Now that she's the top choice to be Vice Chair of the Federal Reserve, San Francisco Fed President Janet Yellen is going around telling everyone that -- really! -- she's not dovish on inflation. Oh my no.
In the mid-1990s, for example, she urged then-Fed-chairman Alan Greenspan to push interest rates higher as unemployment fell, advice he ignored. She said she is no more dovish than other Fed officials. "I have personally supported an increase in our target for the federal funds rate on 20 different occasions," she said.
While it's not a threat right now, Ms. Yellen said "I don't want to see inflation pick up." She added, "when the time has come, am I going to support raising interest rates? You bet."
Ah. When is that time?
Ms. Yellen is very focused on the large amount of slack in the economy, which economists often refer to as an "output gap."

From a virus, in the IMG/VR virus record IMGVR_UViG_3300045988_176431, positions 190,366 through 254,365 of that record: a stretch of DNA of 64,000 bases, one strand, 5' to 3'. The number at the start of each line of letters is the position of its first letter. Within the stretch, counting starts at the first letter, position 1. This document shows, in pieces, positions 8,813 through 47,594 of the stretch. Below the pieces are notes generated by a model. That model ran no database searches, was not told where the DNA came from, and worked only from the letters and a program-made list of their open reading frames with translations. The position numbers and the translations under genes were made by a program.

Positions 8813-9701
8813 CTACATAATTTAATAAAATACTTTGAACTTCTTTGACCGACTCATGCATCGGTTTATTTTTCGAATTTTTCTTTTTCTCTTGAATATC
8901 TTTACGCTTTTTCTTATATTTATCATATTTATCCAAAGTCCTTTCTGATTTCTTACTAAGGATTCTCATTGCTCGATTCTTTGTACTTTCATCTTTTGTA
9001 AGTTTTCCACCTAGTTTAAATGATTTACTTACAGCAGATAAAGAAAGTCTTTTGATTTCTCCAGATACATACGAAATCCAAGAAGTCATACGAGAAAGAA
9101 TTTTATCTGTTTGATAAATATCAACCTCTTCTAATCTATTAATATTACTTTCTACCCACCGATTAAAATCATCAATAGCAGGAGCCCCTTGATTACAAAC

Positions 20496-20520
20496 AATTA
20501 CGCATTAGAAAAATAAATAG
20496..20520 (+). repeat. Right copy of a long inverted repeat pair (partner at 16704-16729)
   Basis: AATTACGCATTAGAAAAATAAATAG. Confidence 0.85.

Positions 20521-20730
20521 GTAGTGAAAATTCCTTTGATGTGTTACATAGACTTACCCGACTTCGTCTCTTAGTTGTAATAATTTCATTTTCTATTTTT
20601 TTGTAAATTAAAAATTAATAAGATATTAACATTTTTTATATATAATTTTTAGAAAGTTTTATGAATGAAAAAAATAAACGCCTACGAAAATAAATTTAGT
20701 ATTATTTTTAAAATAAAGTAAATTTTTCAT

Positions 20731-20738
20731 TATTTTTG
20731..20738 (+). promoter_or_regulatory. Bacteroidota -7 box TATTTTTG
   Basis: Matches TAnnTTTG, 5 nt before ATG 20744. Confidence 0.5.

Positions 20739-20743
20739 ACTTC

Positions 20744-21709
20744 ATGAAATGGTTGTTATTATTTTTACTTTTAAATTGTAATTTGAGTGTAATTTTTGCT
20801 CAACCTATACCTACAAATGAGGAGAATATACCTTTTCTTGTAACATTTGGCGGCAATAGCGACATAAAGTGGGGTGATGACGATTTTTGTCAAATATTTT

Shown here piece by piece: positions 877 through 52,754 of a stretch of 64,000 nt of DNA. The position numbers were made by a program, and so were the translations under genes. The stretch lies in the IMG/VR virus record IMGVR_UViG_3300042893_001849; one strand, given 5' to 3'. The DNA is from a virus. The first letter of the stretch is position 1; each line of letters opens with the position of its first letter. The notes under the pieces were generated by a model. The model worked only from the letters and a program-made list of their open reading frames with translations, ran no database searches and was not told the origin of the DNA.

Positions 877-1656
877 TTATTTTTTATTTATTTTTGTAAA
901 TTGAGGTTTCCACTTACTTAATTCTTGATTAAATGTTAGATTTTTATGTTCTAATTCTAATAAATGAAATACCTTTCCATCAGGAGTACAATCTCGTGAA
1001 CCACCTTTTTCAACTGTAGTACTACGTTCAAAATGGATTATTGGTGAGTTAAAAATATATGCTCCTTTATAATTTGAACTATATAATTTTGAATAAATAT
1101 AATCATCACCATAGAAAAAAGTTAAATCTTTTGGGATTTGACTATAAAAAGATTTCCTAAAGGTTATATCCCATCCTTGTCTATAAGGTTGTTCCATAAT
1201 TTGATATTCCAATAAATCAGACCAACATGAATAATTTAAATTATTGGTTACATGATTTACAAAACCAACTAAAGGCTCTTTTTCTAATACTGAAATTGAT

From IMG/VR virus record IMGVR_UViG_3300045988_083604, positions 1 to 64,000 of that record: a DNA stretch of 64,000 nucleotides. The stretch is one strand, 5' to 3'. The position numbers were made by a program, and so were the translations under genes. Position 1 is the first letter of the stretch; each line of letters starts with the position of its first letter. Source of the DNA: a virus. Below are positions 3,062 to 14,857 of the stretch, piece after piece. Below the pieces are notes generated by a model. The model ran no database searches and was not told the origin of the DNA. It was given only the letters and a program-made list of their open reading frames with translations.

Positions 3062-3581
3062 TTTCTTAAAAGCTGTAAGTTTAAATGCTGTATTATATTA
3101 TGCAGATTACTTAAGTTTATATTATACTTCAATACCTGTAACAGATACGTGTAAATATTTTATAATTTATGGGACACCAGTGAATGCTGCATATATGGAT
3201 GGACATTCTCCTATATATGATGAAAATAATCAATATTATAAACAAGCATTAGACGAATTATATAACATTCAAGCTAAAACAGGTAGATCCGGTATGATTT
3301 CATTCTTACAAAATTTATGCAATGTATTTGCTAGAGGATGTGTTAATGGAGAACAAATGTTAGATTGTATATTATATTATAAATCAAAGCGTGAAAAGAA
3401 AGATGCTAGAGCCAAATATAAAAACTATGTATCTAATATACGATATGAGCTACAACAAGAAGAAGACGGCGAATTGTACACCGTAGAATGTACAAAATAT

"I don't expect the output gap to completely disappear until sometime in 2013," she said. "If the economy continues to operate below its potential, then core inflation could move lower this year and next," she said.
The mores of the Federal Reserve fascinate me. This is an institution that has two mandates -- price stability and maximum employment -- but admitting that you care about the latter is so controversial as to be dangerous to your chances of working at the institution. It's as if firefighters, charged with both rescuing people and putting out fires, emphasized during their job interviews how committed they were to the latter goal but promised not to rescue anyone unless the conditions were superb and it wouldn't bother anyone. Weird, wild stuff.
In violation of Washington tradition, though, Yellen doesn't equivocate around her potential nomination, saying she'll serve if asked.
-- Tim Fernholz